Calgary-based TC Energy says it has started a formal claim for over $15 billion US under the North American Free Trade Agreement over the cancellation of a presidential permit for the Keystone XL pipeline.
The company says it has filed a notice of intent for damages under NAFTA with the U.S. State Department. The trade deal was replaced in 2020 but there is a three-year window to file complaints under the old agreement.
Speaking in June when the company and the province said they were walking away from the project, James Coleman, an associate professor of energy law at Southern Methodist University in Dallas, said the company could complain it was “treated in a discriminatory fashion.”
“With that said, nobody’s ever won a NAFTA suit against the United States. So I think most people would say your odds of success are less than 50-50,” he said at the time.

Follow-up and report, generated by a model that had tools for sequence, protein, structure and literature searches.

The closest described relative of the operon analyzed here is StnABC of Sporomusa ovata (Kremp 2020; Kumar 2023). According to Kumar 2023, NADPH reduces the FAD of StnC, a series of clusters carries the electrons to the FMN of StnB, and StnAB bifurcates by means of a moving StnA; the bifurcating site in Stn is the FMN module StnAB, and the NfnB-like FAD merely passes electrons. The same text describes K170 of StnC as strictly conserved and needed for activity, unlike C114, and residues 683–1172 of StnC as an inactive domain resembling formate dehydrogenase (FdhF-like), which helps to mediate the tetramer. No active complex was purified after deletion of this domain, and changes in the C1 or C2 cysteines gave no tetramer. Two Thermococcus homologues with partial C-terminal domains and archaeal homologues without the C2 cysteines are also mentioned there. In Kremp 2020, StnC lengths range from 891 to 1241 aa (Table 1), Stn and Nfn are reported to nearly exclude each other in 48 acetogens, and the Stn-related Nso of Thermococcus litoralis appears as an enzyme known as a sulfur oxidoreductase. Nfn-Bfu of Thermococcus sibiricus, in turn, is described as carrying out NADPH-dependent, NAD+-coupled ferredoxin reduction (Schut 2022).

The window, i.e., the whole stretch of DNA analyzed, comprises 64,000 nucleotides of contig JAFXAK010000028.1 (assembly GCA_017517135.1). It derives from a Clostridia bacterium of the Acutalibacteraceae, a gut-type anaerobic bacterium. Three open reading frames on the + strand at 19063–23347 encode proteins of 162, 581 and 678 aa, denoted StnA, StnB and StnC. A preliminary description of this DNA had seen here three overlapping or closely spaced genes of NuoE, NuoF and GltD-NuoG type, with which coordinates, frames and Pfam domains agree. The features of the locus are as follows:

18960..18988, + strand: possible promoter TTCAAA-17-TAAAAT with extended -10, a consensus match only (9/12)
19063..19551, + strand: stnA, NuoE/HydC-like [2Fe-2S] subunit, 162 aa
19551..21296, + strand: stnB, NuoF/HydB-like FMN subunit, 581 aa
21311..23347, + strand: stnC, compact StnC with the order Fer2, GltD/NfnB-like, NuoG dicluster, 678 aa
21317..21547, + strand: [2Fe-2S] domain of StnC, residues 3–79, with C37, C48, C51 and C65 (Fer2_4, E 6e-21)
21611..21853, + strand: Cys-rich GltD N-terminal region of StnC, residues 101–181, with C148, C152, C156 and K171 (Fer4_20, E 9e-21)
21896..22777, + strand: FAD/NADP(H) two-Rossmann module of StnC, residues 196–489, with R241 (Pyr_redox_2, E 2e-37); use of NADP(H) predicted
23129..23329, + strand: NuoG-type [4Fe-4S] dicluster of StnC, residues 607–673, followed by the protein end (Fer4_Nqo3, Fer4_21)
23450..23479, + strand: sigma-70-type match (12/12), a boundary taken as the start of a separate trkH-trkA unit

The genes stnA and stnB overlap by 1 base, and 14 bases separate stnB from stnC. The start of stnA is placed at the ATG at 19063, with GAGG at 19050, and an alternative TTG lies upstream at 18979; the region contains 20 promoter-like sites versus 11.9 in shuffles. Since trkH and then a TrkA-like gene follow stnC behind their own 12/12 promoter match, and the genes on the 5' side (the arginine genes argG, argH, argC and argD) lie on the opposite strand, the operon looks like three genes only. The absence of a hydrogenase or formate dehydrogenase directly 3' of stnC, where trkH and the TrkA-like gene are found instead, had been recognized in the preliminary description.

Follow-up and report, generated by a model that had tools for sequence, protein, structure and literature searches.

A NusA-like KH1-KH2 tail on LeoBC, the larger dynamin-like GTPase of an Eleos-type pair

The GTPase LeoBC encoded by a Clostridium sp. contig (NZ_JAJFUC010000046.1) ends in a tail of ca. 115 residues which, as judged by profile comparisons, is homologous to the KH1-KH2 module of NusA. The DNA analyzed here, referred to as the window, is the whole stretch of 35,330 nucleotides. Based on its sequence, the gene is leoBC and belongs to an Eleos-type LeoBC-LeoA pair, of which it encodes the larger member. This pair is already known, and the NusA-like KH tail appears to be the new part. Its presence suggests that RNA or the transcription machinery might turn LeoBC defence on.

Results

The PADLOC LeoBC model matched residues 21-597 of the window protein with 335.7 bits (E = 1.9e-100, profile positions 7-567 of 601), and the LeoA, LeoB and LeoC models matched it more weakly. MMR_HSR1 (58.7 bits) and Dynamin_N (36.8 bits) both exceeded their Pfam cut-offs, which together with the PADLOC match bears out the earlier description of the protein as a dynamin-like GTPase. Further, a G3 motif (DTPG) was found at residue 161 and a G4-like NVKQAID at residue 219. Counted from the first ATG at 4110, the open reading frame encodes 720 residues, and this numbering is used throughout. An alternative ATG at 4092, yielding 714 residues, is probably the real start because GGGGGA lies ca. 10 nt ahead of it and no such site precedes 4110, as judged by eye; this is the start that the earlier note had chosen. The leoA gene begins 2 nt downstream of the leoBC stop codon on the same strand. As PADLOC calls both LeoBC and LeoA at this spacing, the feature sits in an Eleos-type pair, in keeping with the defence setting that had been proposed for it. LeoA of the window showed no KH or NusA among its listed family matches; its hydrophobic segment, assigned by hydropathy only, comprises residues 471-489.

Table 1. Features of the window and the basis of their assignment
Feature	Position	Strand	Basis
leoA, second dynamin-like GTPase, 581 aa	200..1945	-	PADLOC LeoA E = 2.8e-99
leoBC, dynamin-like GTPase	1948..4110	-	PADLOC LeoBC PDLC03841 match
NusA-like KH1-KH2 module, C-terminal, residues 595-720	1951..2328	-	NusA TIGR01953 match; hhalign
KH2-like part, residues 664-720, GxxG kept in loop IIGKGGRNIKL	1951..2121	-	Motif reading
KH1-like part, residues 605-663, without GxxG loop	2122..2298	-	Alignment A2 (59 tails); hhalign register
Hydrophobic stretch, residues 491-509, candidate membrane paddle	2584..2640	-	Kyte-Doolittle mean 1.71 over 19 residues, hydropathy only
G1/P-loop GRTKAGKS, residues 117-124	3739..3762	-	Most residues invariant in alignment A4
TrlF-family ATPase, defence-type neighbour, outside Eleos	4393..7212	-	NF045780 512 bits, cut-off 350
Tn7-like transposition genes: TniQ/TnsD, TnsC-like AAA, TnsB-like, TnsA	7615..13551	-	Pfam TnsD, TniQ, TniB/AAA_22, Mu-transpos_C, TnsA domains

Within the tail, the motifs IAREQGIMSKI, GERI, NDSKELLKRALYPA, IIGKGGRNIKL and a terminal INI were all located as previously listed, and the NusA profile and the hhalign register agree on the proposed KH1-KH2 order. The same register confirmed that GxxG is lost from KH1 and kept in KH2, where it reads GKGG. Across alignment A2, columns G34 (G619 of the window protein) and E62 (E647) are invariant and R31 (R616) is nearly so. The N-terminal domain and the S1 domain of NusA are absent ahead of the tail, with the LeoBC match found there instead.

If completed, the 1,897-kilometre pipeline, first announced in 2005, would have carried 830,000 barrels of crude a day from Hardisty, Alta., to Nebraska. It would then connect with the original Keystone that runs to U.S. refineries on the Gulf Coast.
The Alberta government agreed last year to invest about $1.5 billion as equity in the project, plus billions more in loan guarantees, in order to get the pipeline moving.
As a result, the Canadian leg of the project had been under construction for several months with around 1,000 workers in southeast Alberta.
The provincial government said in June that it expected to lose $1.3 billion after ending the relationship with TC Energy, but also said it was keeping its legal options open.